Pets, Must Know Facts About Great Danes


by Richard Cussons - Date: 2008-04-28 - Word Count: 547 Share This!

Some of us may not notice but a lot of Great Danes are included in various films and television shows. Do you know that the famous cartoon character Scooby-Doo is a Great Dane? This animal character of the popular television series was created based on a Great Dane. But, Scooby-Doo is not the only popular Dane. In fact, Great Danes have been in various films and television series even during the 19th century. So what makes this breed so popular to be sought after by various film makers?

This domestic dog is known for its giant size and gentle personality and is often referred to as the "Gentle Giant and the "Apollo of all breed". Along with the Irish Wolfhound, Great Danes are considered the tallest dog breed with the height ranges from 30-40 inches (76-100 cm.). The males typically weigh 54-90 kg. (120-200 lbs.) and 45-68 kg. (100-150 lbs.) for females. This breed's giant and powerful body is covered with short, soft, thick and shiny close fitting hair in six show-acceptable colors. The colors are fawn, brindle, blue, black, harlequin and mantle. Other colors such as white, fawnequin, merle, merlequin and fawn mantle may occur occasionally but are not acceptable in the show ring.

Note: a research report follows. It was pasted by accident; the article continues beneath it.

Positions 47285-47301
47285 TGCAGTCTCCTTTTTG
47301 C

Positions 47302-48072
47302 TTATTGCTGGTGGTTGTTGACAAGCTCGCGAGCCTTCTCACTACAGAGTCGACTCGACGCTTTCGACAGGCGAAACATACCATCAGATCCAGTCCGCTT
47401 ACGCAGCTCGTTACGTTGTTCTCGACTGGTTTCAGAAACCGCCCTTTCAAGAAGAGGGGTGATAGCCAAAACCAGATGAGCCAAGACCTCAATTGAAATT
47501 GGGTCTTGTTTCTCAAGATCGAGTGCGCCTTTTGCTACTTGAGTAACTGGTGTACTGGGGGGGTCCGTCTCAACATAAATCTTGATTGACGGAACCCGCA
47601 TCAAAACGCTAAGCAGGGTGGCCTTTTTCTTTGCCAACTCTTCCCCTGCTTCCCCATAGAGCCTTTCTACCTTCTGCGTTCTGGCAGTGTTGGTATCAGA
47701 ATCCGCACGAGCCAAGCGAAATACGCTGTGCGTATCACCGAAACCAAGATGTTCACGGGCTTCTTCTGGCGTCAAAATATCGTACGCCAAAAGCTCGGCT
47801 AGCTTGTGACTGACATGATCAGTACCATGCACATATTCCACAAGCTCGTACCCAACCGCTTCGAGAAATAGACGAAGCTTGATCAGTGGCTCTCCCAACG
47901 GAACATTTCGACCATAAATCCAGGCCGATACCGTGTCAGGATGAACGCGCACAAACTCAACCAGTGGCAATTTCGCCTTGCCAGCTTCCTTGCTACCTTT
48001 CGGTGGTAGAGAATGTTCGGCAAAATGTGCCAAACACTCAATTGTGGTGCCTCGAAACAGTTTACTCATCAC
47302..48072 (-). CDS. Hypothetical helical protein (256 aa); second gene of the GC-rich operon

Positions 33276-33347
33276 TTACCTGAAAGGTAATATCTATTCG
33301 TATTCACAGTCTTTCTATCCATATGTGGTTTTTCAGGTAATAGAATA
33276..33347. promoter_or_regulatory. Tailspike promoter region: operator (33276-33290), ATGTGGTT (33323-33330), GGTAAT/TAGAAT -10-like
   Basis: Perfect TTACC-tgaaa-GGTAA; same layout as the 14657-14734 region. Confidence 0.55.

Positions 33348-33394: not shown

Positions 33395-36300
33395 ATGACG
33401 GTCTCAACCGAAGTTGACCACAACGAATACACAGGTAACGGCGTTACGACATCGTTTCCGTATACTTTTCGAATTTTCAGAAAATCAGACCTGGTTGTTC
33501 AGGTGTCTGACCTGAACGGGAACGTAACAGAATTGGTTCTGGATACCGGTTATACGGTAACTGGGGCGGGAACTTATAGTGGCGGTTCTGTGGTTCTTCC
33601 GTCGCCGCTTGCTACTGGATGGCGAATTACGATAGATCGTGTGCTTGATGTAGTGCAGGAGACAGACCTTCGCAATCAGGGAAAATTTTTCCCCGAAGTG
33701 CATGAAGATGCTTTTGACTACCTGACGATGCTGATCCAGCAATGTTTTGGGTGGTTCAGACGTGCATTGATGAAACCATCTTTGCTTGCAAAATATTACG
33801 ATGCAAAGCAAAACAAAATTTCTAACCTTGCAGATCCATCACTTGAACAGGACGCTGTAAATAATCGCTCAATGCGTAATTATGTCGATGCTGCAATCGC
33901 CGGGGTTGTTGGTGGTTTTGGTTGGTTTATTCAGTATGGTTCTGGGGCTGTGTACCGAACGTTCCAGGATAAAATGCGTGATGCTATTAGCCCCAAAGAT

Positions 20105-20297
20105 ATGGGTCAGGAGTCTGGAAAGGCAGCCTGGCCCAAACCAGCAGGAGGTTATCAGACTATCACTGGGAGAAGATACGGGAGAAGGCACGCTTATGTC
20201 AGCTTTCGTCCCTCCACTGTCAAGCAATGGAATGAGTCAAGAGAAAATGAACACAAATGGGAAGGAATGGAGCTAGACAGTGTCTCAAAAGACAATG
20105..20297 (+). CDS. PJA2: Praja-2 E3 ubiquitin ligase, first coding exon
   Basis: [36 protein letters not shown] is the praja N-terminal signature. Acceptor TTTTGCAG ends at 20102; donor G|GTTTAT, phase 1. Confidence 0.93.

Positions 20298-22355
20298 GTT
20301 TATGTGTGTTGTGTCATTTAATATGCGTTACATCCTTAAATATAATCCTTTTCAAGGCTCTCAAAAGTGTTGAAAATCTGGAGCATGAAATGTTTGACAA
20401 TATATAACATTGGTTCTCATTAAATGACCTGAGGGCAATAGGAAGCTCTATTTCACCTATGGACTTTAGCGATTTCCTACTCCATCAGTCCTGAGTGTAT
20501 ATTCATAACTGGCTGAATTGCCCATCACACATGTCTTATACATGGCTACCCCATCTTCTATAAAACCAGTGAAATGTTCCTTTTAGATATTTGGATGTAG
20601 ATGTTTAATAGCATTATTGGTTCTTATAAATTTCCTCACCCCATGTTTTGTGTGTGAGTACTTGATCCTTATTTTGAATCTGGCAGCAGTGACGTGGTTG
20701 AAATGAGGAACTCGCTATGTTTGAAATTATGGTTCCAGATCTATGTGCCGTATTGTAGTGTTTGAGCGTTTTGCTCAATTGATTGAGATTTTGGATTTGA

The head is long and narrow with an accentuated frontal stop and a rather large nasal canal. The neck is strong and muscular, a pure white neck is preferred in a harlequin. The usually dark and deep set eyes with lively intelligent expression are medium in size. The ears are either cropped rather long, pointed and carried erect or left natural. Cropping of the ears is more common in the United States but is prohibited in some European countries such as UK, Denmark, Germany and in some parts of Australia and New Zealand. The tail reaching to the point of the hock is medium-length.

Referred to as the "Gentle Giant", this large and powerful appearance conceals a kind, sweet and affectionate temperament. They are good towards humans, even children, also towards other dogs and other animals. Dominance issues and aggression may occur rarely but can be addressed with thorough obedience training starting from an early age.

The average life span of Great Danes is ten years but can live for 12- 13 years as long as they are kept in good shape. Since large breed with fairly slow metabolism, they are more prone to a deadly disease called bloat. This may result to immediate death if not addressed quickly. Hip dysplasia is another problem common to this breed as well as to other large breeds. Breeding stocks or parents should be tested to make sure that they do not carry faulty genes and are likely to have healthy pups. Other health problems include dilated cardiomyopathy (DCM) and other congenital heart diseases, yeast infection and deafness especially among pure white Danes.

To make sure none of these diseases will affect your dog, check your dog's ancestral history. Making sure that your dog's ancestors aren't carrying any of these diseases will guarantee you of a sweet, kind and giant dog with less or no health problem.

Richard Cussons is a dog enthusiast. His site about Great Danes is filled with information about this breed as well as effective tips in Great Dane training.


Related Tags: great danes, great dane training

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